Glenwood Springs homeless, transient concerns set for discussion
Glenwood Springs Post Independent
After Glenwood Springs’ local officials, residents and charitable organizations chimed in recently regarding the community’s homeless and transient populations, a meeting to further discuss the topic now has a set date.
The meeting is set for 6 p.m. May 31 at the Garfield County Administration building in Glenwood Springs, in the county commissioners meeting room.
When discussing the issue of homeless and transient populations in and around Glenwood Springs at a recent City Council meeting, County Commissioner John Martin commented, “It is the providers of service that are the problem, and we need to go ahead and alert them. …”
Martin, who offered to organize the follow-up meeting, told the Glenwood Springs Post Independent on Tuesday, “Well, yeah, but you didn’t finish the statement … when you cut the first and last part of the answer off, yeah it sounds like I’m pretty cold in reference to that.”
The whole sentence Martin stated at the April 19 Glenwood Council meeting was, “All those stakeholders will be at the table, we want to work together to do it, but you’re right, it is the providers of service that are the problem and we need to go ahead and alert them and find a different solution than what we have right now.”
The homeless and transient populations, and anyone for that matter, may attend the meeting, as it’s open to the public.
“Everyone is welcome to see a BOCC meeting. We don’t hold meetings in the dark,” Martin said.
Feed My Sheep Director Karen Peppers said Tuesday she hadn’t heard about the meeting yet, but would plan to attend.
“I’ll just have to switch my schedule around for that one, because we have to be represented in there,” she said.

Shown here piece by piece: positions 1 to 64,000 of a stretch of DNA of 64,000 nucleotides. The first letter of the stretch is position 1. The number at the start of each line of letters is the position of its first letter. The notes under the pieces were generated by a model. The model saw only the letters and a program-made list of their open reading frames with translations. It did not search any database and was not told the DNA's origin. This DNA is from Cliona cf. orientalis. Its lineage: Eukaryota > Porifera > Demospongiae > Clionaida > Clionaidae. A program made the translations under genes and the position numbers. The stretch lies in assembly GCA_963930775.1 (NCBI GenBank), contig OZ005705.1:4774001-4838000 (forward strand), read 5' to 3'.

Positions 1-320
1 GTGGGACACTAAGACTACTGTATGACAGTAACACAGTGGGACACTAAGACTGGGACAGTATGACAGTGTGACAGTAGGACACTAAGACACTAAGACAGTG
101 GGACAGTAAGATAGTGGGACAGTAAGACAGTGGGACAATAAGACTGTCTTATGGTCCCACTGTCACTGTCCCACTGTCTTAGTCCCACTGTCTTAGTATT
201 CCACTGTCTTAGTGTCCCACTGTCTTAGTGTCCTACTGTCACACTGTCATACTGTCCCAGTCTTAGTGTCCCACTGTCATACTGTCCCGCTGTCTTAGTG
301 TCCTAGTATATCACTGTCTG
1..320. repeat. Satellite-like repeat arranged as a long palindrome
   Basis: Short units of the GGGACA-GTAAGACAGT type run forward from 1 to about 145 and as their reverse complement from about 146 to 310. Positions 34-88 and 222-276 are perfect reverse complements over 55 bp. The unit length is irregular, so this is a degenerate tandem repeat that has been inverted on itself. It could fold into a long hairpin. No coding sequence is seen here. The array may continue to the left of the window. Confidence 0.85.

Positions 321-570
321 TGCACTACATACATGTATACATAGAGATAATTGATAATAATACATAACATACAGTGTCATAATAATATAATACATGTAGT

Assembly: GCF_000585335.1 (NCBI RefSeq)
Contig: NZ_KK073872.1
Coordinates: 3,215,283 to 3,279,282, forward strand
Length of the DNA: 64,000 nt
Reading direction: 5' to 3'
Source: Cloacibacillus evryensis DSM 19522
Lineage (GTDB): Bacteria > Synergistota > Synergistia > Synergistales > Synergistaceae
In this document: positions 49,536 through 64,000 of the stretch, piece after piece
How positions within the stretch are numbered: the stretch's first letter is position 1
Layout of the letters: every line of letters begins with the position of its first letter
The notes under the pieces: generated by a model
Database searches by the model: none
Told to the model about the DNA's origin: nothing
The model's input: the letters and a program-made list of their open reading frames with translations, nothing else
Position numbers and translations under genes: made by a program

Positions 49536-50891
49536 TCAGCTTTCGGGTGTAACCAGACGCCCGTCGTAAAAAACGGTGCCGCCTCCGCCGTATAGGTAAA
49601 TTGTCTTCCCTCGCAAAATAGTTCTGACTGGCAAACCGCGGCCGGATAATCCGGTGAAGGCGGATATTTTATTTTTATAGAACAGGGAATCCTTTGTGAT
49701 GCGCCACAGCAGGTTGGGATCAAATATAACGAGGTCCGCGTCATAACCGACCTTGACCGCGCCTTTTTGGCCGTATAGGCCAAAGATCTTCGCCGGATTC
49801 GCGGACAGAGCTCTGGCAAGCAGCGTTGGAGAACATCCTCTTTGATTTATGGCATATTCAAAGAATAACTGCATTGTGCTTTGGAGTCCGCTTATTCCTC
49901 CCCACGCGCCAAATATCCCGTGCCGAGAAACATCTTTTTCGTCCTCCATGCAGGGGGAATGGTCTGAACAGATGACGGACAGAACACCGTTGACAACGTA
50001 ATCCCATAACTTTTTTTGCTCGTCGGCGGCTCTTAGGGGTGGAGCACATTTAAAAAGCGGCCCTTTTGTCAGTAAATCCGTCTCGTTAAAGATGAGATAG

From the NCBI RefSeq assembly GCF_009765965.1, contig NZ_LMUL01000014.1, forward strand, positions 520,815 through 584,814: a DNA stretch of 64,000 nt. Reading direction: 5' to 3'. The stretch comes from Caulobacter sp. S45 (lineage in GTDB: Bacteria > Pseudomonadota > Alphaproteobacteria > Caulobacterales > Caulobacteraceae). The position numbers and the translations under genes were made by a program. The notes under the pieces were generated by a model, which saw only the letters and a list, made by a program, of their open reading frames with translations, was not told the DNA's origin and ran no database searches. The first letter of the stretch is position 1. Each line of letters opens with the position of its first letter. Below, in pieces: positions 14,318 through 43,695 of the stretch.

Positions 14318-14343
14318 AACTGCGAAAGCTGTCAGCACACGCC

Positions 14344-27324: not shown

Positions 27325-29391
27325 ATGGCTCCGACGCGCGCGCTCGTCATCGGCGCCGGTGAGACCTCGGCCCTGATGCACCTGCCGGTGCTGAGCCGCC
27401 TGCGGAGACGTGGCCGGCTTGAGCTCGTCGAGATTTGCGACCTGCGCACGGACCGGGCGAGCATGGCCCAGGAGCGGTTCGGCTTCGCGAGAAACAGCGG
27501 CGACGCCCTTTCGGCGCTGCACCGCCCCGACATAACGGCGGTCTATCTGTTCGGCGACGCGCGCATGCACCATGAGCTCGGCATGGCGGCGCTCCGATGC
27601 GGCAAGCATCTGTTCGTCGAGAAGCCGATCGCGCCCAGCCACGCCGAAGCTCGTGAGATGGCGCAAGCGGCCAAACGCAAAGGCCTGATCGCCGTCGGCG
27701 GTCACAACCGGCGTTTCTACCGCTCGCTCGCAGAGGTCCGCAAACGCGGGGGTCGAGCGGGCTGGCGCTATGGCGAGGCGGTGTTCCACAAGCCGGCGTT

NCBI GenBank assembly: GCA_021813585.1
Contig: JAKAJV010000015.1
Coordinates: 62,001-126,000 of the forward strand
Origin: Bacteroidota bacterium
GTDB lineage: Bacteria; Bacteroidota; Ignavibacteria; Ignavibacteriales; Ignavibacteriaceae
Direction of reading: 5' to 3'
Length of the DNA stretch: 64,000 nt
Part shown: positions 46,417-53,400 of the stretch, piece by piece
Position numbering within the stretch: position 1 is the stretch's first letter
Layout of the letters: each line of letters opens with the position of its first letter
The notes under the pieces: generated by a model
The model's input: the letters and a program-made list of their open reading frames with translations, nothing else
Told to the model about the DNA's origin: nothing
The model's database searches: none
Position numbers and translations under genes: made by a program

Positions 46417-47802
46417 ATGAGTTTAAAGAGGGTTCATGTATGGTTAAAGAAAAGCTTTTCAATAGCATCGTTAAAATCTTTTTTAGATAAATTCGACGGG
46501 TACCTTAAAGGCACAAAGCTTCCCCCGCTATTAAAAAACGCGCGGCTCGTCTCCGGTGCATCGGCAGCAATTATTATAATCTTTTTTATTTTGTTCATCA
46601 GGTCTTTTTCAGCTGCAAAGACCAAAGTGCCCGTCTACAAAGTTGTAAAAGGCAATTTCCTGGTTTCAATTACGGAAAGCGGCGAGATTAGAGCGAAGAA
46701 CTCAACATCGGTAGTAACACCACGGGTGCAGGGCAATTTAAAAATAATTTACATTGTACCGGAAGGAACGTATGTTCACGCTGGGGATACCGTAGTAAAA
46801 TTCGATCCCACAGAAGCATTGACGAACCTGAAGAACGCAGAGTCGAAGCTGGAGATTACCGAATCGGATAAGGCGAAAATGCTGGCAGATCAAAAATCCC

“I don’t know how many calls saying that, ‘Karen, if this comes to a city meeting, I’ll be your advocate,'” Peppers said. “So, I’ll be calling all my advocates that have contacted me, and we’ll just have a bunch of us up there and try to get it through everybody’s thick skull that, you know, Feed My Sheep is here to help people, not enable them as everybody thinks we do.”
Feed My Sheep and another area organization, LIFT-UP, serve the local homeless and transient populations in different ways, providing food, shelter and other needs.
LIFT-UP’s acting director, Debbie Wilde, also hadn’t heard anything yet regarding next Thursday’s meeting.
At the April 19 city meeting, Mayor Michael Gamba also observed, “There’s been a lot of people who have suggested that some of the charitable organizations that provide services for these transient groups are part of the problem.”
Glenwood Springs Police Chief Terry Wilson explained, “One of the consistent factors that I found when we talked to communities that describe having very little to no issues … is the complete and utter lack of services that their community offers to that demographic.”
According to Commissioner Martin, the homeless and transient demographics that exist now in Glenwood Springs remains proportionate to the population, as it did at the turn of the century 18 years ago.
“It’s a mixed bag. It’s not all one classification for sure,” Martin said. “We need to come together to accomplish something instead of just talking and having hot air. So that’s what the meeting’s about.”
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Pitkin County administrators are proposing a more than $142 million budget for 2020, which is about $6 million less than this year because of fewer construction projects and capital improvements.